Setting Up the Home Trainer.

As you will know, a few days back I posted about getting a home trainer from CellBikes. I have had a couple of rides on it now, so I thought I would throw together a post on my experience setting it up and my first impressions. I will also do a post on the first time I used the Sufferfest video. That later.

The unit is a nice sturdy piece of kit. Heavy so it doesn’t wobble about when you are putting in a big effort.

Getting it out of the box, you get the unit as seen above and a smaller box which holds the head unit, and all the associated bits and pieces. Cadence sensor, magnet, heart rate monitor, batteries and some CDs.

The head unit is a lot bigger than I expected, and that has its positive and negative aspects.

Setting it all up was very easy. You install batteries (included) in the roller itself.

Put batteries in the head unit. It turns on once you press one of the buttons on the front. To pair them, you hold down both buttons for 5 seconds until the display shows this.

Then you hold down the button on the roller unit.

Done. Easy. Next bit was to mount the bike. You are given a special Quick Release skewer. I am actually using an old wheel I have, so it was a 20 second job to swap the skewer out.

I lined the tyre up with the middle of the roller and wound the drive side mount out so it was engaged with the skewer. With the drive side located in the mount, you wind the non drive side to the point that it is nearly touching the skewer. Then just engage the locking mechanism and the bike is locked in.

Once the bike is firmly locked into the mount, you then wind the roller up to meet the tyre. I actually spun the wheel as I wound the locking screw up. When the wheel stopped moving I knew it had hit the roller. You then add 1.5 turns of the locking screw and use the second nut to lock it in position.

The bike is ready. Now you just have to mount the head unit.

This proved slightly problematic for me.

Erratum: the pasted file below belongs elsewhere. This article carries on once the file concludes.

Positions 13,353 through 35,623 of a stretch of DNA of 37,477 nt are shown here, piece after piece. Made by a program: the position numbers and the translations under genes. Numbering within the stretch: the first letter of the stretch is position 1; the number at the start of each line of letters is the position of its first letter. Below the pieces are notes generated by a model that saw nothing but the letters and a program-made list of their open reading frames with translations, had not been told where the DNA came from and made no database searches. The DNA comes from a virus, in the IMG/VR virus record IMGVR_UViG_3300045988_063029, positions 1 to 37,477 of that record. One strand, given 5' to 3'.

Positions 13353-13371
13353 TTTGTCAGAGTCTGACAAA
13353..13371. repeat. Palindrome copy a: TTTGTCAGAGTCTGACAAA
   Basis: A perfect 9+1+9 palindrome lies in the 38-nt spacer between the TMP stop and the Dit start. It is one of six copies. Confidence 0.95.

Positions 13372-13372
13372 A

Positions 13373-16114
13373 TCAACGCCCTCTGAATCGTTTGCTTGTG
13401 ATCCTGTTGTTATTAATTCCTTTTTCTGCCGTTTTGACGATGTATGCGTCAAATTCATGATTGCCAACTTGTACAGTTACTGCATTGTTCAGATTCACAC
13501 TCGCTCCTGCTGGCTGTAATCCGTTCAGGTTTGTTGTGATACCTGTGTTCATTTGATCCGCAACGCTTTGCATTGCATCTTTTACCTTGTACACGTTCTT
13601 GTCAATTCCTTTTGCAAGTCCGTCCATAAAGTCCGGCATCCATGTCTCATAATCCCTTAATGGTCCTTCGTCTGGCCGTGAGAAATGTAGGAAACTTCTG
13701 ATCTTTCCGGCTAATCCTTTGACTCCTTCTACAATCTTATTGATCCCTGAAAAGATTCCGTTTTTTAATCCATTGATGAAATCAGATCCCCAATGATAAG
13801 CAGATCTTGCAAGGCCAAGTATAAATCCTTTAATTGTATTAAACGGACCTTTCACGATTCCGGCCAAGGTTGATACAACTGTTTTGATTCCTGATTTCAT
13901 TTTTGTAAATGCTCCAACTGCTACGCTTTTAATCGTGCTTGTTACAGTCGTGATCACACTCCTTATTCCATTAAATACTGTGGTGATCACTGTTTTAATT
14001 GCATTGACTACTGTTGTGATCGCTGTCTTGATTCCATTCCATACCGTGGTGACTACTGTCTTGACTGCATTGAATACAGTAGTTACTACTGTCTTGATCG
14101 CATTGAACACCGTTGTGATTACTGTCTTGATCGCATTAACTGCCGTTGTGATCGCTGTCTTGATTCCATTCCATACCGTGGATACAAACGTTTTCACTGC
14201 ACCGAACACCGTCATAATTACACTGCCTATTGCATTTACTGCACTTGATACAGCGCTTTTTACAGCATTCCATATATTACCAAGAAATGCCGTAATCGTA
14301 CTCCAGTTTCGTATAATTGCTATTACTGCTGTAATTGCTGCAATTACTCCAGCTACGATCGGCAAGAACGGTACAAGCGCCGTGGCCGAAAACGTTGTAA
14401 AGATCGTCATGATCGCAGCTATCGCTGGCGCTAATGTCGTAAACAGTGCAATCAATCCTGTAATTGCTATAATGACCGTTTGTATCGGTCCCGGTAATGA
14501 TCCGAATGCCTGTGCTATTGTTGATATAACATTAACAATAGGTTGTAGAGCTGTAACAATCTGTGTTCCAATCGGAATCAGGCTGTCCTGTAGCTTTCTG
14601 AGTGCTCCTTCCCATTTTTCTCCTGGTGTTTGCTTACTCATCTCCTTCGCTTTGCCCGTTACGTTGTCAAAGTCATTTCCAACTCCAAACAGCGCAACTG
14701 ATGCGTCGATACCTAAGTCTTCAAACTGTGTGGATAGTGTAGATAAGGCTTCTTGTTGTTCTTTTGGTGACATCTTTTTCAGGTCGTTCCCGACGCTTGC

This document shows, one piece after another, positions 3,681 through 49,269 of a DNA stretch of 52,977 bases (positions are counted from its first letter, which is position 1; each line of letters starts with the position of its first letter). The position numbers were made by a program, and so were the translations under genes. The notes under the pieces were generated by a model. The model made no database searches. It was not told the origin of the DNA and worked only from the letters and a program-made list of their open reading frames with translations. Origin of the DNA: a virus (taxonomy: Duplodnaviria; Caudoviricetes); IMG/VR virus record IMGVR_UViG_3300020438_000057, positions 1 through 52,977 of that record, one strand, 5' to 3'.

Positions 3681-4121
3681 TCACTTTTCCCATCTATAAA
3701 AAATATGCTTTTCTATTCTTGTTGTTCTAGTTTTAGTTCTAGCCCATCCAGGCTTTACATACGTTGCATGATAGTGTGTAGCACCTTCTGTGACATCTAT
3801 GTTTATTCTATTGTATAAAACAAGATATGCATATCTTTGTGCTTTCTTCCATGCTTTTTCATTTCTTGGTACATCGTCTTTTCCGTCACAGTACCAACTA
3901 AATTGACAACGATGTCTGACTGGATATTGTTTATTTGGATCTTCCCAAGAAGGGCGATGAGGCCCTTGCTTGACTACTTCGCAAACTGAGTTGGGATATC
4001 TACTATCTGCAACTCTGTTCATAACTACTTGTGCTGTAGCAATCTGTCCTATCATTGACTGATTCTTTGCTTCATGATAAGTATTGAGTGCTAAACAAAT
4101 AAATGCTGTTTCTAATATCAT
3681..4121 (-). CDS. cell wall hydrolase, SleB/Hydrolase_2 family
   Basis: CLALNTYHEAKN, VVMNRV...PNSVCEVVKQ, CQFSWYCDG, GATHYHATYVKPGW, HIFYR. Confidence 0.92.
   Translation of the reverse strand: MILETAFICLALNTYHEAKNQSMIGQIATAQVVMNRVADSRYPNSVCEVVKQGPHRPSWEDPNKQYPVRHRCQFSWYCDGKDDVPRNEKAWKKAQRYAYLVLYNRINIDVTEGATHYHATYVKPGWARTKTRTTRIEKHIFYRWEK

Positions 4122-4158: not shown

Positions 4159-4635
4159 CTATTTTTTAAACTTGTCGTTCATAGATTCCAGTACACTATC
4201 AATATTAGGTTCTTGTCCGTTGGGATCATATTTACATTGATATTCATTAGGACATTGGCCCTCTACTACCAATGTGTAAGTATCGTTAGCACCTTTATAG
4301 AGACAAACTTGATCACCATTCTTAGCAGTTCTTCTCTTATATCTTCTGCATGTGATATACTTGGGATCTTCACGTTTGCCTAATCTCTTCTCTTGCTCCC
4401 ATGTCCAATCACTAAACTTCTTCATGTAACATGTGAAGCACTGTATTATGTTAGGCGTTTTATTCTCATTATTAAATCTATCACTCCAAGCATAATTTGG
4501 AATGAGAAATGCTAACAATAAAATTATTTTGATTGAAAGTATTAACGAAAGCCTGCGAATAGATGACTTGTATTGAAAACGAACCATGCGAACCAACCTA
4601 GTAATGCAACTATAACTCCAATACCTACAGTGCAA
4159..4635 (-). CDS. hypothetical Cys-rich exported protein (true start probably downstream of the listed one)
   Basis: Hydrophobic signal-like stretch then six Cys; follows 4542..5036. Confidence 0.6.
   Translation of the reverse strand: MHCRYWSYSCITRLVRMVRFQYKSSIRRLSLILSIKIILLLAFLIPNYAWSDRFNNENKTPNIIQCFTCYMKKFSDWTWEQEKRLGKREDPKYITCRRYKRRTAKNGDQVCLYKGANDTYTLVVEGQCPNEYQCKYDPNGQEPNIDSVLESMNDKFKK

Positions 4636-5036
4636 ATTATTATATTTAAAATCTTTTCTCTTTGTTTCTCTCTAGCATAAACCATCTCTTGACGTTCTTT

As you can see from the two photos above, real estate on my bars is at a premium. I obviously cant go on my left hand side (as seen from the saddle), the light takes up a lot of room there. On the right side I have my GoPro mount. It was going to have to go there, which doesn’t leave a huge amount of room for my right hand on the bars.

It is ok, but not ideal. The view from the saddle shows it a little better.

Now the size at this point was an issue. But once I was on the bike, and especially during hard efforts, I couldn’t see the Garmin at all, but I could see the larger numbers on the JetBlack head unit. I don’t think this would be an issue for many people, but there would also be a lot of people that have precious little room, like me.

Now dear reader, I hear you asking, why not just pair up the Garmin to the roller? Well, I thought exactly that. I couldn’t get a definitive answer on the interwebs, so i rang JetBlack and spoke with Mathew. Sadly, he confirmed that they aren’t using ANT+ on the trainers. I really think this is to their detriment. The JetBlack head unit does not log anything. So you can do as hard a session as you want, and all you get is your average and maximum power. You can also get heart rate and cadence, but because I didn’t want to wear two heart rate monitors and add another cadence sensor and magnet to my bike, I just use the figures the Garmin spits out.

If the JetBlack trainer was ANT+ compatible, people could just use all the bits and pieces they already have and add the roller as a power meter.

So, the trainer itself is great. I have had two sessions on it so far. The things I have learned.

– I need more fans.
– It is a lot harder than riding on flat roads.
– Where does all the sweat come from?
– Fluid trainers are very quiet.
– I need more fans.
– Combined with something like the Sufferfest videos or a PodCast, it is a great way to get the heart going and spin the legs.
– Have a towel handy.

I intend to do another review in a few weeks or so just to add to what I have written here. I find when something is new, I am always learning different ways to use it. Give it a few weeks and I will be used to it and will be able to give a better opinion of whether I think they are a good purchase or not.

I just want to remind people, this trainer was supplied by CellBikes at no cost to me. Any negative comments above are no reflection on CellBikes.

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10 Responses to Setting Up the Home Trainer.

  1. De Mac says:

    Good on ‘ya Norbs. I also invested in a trainer – Cycleops – from Cell last week, so that I can roll in crappy weather. I’ll have to get a fan set up too!

  2. Bart says:

    The sweat thing is amazing Norbs. I’ve recently got something similar and after 30 mins I’m drowning! The kids look at me like I’m crazy.

  3. Re fans: I’m hoping Bunnings do a sale on their massive fan once winter starts to bite. In the meantime I’m using some of their small cheap ones but the garage now looks like a windfarm…..

  4. David says:

    Any feedback on the dyno accuracy? Cell don’t list the Dyno anymore, and reviews with power taps seem to assume accurate power tap and low reading Dyno.

  5. Lauren says:

    any problems with the dynometer showing rpm. Ive just set mine up and no matter how many times I re pair the device (usually showing up with Err) the rpm shows 0 during my workouts.

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